If the odds are 1 in about $300,000,000 and the jackpot is $1,600,000,000 and the tickets cost $2 each then why couldn’t I just go buy $

300,000,000 tickets for $600,000,000 and pocket one billion dollars

In: 3

You would have to fill out 300,000,000 different combinations or assume that the quick pick tickets don’t make repeat combinations or dumb combinations like 1,2,3,4… You’re also assuming you’re not splitting the winnings with another winner.

In theory you could. Buying 300000000 tickets with every possible combination is not going to be possible though and of course you would need $300,000,000. If you have that much money would you really consider doing this?

Generally speaking the odds simply don’t line up that much in your favor. In systems with one big prize it will never work out because the payouts aren’t set up that way.

But say they did in like one of the pick a set of numbers lotteries. You buy every ticket number combo guaranteeing a jackpot, and the jackpot has built up so high that even after taxes you can walk away with a profit. However you can’t stop other people buying tickets, and if multiple people win the jackpot is split.

Which means that to make a profit you are gambling no one else wins. And that’s still a negative expected value on the outcome.

Odds don’t equal guaranteed results. Without looking up the specifics, if there were a set 300,000,000 number of possible combinations and you filled out 300,000,000 slips carefully selecting each possible combination, then yes you would win. However, the machine just spits out random numbers and it would be extremely unlikely to get every single possible combination (you’d get many duplicates).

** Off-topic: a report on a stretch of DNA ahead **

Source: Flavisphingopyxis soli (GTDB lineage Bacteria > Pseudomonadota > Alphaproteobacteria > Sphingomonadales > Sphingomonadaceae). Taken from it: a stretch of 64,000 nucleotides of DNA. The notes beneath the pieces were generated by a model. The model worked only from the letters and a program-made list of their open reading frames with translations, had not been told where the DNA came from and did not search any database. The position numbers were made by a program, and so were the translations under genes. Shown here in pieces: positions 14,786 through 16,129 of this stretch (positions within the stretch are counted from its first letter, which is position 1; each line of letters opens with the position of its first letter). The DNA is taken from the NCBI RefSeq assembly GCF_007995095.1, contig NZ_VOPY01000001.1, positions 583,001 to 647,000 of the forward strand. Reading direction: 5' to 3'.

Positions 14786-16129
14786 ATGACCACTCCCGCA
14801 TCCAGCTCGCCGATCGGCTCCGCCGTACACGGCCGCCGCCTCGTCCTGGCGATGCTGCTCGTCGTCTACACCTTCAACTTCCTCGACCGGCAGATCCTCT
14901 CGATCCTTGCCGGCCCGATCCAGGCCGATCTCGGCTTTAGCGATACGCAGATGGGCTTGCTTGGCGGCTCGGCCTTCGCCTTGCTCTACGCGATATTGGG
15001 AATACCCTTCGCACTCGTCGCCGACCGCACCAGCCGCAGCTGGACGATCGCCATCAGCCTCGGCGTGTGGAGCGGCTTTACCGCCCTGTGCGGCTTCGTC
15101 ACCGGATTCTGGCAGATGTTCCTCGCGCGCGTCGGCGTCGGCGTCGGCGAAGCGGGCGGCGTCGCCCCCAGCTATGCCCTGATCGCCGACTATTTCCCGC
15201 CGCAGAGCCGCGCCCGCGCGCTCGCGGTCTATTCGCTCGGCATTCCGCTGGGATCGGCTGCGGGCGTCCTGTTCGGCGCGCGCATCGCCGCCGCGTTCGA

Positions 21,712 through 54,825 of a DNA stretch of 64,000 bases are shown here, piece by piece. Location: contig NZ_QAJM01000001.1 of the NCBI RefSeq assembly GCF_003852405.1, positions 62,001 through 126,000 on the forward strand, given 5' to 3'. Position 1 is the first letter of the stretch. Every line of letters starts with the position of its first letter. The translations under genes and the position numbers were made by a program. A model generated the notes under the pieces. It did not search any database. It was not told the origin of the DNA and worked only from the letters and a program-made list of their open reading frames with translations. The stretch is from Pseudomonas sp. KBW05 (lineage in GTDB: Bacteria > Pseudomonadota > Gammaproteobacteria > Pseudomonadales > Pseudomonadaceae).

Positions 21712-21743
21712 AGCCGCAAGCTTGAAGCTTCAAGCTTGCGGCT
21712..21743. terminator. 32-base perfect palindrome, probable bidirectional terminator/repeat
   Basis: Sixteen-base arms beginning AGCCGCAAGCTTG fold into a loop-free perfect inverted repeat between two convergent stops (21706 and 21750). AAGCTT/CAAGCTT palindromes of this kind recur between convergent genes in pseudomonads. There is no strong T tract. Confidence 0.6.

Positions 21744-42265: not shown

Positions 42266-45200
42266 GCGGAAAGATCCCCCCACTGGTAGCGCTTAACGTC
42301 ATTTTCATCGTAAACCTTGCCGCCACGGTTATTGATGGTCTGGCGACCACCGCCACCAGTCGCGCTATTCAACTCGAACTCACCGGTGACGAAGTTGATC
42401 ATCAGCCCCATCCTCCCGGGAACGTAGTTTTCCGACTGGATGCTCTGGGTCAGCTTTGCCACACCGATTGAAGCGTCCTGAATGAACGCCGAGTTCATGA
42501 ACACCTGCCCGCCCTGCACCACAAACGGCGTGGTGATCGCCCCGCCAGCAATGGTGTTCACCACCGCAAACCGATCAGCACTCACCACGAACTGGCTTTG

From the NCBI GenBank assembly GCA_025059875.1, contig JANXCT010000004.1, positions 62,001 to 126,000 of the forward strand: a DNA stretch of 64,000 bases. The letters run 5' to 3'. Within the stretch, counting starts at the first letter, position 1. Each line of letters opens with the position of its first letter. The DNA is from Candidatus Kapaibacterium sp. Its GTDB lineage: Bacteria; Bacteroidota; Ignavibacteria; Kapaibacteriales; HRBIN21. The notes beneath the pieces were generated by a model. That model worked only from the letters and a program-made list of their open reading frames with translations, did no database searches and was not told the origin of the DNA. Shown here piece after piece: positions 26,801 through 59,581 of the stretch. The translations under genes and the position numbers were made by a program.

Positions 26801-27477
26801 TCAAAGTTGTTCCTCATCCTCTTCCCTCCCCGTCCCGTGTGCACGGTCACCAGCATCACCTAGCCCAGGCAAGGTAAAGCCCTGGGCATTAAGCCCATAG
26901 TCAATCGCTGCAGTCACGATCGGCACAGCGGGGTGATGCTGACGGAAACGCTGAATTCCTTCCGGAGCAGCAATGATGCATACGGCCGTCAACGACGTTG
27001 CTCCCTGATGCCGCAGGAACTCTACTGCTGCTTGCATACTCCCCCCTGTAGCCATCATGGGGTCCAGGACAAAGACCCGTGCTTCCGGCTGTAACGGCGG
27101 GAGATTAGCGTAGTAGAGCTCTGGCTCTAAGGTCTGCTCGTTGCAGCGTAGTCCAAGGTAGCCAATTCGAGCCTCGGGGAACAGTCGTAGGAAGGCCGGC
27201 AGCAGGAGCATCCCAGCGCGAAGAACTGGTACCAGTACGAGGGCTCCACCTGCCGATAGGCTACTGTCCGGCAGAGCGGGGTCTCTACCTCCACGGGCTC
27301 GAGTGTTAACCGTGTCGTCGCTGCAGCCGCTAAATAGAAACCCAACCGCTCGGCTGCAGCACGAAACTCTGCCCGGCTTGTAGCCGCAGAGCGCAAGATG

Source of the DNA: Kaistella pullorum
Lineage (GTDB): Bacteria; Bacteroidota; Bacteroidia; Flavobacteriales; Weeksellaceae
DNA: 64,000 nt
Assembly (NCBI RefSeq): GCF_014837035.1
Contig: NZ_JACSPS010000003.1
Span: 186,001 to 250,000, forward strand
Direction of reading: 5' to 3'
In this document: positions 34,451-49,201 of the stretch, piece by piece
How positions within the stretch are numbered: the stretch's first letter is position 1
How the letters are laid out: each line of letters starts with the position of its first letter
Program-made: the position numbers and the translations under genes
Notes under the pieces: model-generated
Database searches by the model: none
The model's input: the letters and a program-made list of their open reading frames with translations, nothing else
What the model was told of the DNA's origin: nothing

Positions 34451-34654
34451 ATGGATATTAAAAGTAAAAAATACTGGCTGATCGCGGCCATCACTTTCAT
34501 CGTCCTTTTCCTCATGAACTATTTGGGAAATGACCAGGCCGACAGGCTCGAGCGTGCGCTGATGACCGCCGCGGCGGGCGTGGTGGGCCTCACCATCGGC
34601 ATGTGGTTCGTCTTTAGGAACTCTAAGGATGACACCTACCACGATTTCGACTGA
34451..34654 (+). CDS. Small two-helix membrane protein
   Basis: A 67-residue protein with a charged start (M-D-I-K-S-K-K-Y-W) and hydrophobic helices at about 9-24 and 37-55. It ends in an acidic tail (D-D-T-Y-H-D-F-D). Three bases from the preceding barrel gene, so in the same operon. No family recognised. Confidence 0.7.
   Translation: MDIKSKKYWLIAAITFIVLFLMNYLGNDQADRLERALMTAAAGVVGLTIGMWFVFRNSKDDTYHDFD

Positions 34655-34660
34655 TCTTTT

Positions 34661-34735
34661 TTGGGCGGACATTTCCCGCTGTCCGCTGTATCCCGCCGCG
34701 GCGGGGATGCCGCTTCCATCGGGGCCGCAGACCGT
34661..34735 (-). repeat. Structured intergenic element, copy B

If you take the cash option (as most do), IRS withholds 37% and you get the cash option value which is only $782,400,000 gross and therefore you get $492,912,000. So, you lose $108,000,000 by taking the cash option. This isn’t taking into account State Taxes, which means you lose even more money.

With the annuity option, IRS withholds 24% right away which puts you at $1,216,000,000. Then you pay state taxes. The problem here is that you don’t get it all at once, so you’d need to come up with most of the $600,000,000 to buy the lottery tickets from somewhere.

So yes, if you had Elon Musk money and could select every possible option, I *think* you could profit maybe $500,000,000 over your lifetime.

All this assumes you get the entire pot and nobody else wins (which splits the pot).

In theory I suppose you could. However, it’s not practical. You’d have to manually fill out tickets for each possible combination. Even if you did do that you have to factor in taxes. You’re not netting $1.6B. And then there’s the risk of multiple winners which would result in you losing money in the end.